Second Worst Ebola Outbreak in History Is Now Killing 66 Percent of People Who Become Infected

Wednesday, May 15, 2019
By Paul Martin

Matt Novak

The current outbreak of Ebola in the Democratic Republic of Congo (DRC) has infected 1,720 and killed 1,136, giving the viral disease a whopping 66 percent fatality rate. And the situation is making public health experts on the ground increasingly nervous.

It’s the second worst Ebola outbreak in history, and while more than 110 cases were identified in the past week alone, the World Health Organization warns that “these numbers are likely to continue to increase” as health workers address a backlog created by a major disruption of health care services by armed militia groups.

The worst Ebola outbreak in history was in West Africa from 2014 to 2016, and infected almost 30,000 people, killing more than 11,000. And even though the current outbreak hasn’t touched nearly as many people, health officials on the ground are sounding the alarm to get more international attention.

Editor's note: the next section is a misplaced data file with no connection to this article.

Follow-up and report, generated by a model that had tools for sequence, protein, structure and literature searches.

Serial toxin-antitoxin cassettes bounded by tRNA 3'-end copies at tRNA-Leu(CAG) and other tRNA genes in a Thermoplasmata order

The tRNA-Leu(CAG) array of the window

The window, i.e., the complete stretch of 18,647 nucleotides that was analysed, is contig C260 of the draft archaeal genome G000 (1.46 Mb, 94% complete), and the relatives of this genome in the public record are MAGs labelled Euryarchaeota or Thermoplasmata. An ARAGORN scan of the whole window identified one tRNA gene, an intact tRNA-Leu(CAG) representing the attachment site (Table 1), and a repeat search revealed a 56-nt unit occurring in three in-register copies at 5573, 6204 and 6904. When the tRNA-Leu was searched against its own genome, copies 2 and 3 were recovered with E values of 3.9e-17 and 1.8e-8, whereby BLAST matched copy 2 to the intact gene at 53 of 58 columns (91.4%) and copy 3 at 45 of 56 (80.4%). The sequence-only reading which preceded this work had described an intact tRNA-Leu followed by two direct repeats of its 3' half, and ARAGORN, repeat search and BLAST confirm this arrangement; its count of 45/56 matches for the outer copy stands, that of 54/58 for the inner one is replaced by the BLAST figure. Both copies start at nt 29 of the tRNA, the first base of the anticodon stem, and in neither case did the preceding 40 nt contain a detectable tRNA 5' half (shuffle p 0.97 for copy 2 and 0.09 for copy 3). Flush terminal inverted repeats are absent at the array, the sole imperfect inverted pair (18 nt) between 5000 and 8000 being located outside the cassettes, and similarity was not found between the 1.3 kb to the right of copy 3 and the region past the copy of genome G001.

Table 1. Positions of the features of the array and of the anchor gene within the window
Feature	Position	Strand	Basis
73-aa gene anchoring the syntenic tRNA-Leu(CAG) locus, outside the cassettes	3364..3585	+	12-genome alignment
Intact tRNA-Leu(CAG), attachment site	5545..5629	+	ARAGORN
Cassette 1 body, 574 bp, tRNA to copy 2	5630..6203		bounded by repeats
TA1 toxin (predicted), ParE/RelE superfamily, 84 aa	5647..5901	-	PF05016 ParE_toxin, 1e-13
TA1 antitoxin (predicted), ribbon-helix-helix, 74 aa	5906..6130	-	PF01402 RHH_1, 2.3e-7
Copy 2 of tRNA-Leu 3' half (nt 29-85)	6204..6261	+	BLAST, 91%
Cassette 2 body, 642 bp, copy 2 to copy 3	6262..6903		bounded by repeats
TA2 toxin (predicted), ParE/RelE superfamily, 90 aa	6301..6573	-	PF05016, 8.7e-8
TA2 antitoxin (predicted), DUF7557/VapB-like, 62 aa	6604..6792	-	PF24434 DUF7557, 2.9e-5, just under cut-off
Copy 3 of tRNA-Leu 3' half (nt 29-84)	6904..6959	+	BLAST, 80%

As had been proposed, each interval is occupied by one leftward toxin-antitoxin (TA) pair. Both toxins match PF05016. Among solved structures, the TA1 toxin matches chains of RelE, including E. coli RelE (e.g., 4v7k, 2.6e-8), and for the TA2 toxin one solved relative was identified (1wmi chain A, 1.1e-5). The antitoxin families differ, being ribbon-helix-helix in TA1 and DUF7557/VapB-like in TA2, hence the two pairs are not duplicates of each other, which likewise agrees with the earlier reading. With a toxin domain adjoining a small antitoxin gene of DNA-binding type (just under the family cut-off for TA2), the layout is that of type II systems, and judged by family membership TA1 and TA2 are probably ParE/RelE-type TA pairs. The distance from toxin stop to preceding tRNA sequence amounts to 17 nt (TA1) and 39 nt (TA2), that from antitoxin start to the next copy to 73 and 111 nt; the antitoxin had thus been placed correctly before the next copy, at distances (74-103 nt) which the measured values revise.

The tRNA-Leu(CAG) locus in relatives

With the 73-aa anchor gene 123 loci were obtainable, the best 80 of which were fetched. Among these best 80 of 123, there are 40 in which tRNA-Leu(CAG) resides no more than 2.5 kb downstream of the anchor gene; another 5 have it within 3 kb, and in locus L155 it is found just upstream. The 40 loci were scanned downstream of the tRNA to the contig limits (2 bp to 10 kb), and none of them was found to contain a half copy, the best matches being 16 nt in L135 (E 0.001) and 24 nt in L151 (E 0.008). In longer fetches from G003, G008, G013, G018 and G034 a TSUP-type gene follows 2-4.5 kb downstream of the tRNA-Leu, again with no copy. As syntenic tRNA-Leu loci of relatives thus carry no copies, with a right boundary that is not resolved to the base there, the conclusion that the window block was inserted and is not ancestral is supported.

“Whether it gets to the absolute scale of West Africa or not, none of us know, but this is massive in comparison with any other outbreak in the history of Ebola and it is still expanding,” Jeremy Farrar, the head of the Wellcome Trust, told the Guardian.

Thankfully the outbreak has so far been relatively confined geographically, but there are concerns that an infected person could make their way from DRC to nearby Uganda and turn this into an international crisis. The World Health Organization declined to declare the current Ebola outbreak a global health emergency on April 12, largely because the viral disease had not spread outside of the DRC. At that point, 1,206 people had been infected and 764 people had been killed.

“It’s remarkable it hasn’t spread more geographically but the numbers are frightening and the fact that they are going up is terrifying,” Farrar said.

Aside from its 66 percent fatality rate, the latest outbreak is scary in some unique ways. Children, for instance, are being especially hard hit, with almost a third of cases hitting children under the age of 18.

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